Franciscus Junius (1545-1602) was an important theologian in the Protestant Orthodox tradition. He is most famous for his influential Treatise on True Theology, with its profound approach to theological method. Junius taught widely across all the major doctrines of Christian theology, but never published a system or compendium. What he did publish was a set of learned Disputations on a large number of doctrines, which can be gathered to show Junius’ mind on most of the subject matter of Christian doctrine. One of these disputations was on the Trinity of persons in the divine essence, and one (Leiden Disputation number 13) was on the persons of the Father and the Son. This latter one is especially great.
If you’re interested in what Junius teaches on the Trinity, here’s good news: Ryan Hurd has recently translated this Disputation, and he and I are going to discuss it online in a series of videos. Our conversations about theology (we did something similar with Polanus in 2020) are casual and unscripted, but follow the structure of the text and give us a chance to explore issues in trinitarian theology as they arise. We’ll try to keep the time down to about 30 minutes, and we’ll try to post one discussion video per week. There are 31 theses in this Disputation; we’ll usually cover a few per session.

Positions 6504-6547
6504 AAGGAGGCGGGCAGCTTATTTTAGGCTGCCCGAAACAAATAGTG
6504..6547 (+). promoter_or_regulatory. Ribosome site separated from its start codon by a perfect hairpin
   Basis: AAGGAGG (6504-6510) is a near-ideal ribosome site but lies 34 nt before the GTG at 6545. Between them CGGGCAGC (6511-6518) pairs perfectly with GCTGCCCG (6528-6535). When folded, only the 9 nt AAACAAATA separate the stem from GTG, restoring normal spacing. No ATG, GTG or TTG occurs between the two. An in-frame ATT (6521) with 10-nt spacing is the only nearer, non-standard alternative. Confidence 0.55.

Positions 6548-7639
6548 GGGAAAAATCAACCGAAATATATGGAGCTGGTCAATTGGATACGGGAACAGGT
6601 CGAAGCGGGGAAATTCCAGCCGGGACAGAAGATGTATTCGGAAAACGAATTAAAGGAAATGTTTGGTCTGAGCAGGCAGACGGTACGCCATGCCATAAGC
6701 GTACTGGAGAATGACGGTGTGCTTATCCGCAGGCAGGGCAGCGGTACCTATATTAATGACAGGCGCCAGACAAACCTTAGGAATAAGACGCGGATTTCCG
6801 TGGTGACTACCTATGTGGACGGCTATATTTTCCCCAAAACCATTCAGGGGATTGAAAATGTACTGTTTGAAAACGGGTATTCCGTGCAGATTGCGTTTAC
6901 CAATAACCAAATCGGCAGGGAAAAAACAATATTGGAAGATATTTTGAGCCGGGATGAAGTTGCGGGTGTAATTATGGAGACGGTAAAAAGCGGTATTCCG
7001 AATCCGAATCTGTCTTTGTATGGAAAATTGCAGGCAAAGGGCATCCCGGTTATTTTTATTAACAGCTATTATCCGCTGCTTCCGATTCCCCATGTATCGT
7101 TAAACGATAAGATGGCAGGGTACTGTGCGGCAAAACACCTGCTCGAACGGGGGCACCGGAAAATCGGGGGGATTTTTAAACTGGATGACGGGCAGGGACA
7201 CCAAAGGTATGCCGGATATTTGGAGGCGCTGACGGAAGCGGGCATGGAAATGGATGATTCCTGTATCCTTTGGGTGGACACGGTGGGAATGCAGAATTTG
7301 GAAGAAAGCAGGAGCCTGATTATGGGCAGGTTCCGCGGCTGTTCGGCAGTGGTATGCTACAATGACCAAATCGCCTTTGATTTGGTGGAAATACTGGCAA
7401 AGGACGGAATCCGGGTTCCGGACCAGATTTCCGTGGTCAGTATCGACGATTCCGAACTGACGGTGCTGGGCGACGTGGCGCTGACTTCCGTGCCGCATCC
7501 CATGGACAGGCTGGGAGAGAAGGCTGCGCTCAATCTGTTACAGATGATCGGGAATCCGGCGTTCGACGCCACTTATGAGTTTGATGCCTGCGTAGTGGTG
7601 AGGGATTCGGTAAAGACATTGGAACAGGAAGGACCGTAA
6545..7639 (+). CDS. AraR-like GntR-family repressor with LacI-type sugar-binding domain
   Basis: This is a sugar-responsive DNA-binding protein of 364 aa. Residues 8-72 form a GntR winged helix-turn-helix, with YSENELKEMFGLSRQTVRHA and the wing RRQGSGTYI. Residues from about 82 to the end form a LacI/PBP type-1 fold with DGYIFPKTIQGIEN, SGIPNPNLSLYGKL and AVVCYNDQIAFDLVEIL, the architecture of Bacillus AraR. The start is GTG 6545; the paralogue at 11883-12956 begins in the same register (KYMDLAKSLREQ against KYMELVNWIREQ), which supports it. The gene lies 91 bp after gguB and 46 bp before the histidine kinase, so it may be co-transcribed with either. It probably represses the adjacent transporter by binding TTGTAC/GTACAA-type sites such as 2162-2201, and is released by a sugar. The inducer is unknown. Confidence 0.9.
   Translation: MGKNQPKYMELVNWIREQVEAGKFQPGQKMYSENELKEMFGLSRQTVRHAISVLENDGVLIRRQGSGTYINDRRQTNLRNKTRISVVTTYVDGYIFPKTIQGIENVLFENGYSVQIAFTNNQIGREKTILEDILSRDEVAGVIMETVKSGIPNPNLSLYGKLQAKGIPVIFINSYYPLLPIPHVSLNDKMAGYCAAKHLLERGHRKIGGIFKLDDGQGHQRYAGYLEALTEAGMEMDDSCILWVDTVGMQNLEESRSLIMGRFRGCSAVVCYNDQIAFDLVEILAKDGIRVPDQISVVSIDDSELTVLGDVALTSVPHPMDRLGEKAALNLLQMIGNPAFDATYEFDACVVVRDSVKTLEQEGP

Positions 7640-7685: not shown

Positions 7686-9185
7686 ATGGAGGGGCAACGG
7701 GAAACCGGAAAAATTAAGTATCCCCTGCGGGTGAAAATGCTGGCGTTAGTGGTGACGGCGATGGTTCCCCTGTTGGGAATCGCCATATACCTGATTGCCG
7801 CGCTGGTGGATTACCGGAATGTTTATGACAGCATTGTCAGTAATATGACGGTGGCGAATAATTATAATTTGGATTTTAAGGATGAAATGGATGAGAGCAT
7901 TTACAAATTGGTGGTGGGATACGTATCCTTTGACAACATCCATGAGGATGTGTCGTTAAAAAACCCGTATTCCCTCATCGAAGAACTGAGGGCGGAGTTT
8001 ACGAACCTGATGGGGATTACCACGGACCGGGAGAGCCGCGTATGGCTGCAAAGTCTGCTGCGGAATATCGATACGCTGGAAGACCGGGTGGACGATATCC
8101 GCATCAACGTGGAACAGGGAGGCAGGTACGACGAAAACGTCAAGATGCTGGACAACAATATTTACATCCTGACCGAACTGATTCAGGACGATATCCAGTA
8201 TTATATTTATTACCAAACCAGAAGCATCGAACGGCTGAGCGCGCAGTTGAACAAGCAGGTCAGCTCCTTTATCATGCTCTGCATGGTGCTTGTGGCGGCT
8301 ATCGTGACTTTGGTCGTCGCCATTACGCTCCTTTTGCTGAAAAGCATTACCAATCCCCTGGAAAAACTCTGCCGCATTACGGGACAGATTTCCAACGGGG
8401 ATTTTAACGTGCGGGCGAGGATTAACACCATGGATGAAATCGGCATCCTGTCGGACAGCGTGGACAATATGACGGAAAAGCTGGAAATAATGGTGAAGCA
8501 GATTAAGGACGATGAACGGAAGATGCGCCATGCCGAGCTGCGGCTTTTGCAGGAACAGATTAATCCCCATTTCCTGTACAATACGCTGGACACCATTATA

Here’s Ryan’s translation of the introduction and Thesis 1:
We have considered commonly the unity of essence in the three subsisting persons, and the Trinity of Persons in it, not subsisting outside the unity of essence. We deal with the three persons individually next, given what the method of the established order requires, in order to more fully and clearly explain what things concerning the material cause of our theology have been revealed in the New and Old Testaments to us.
Thesis 1. The Father is the first person of the holy Trinity, αναρχος or existing a se, not from another, per se, in se, eternally begetting in the unity of essence the Son, his image, and spirating together with the Son the Holy Spirit.
And here’s our conversation: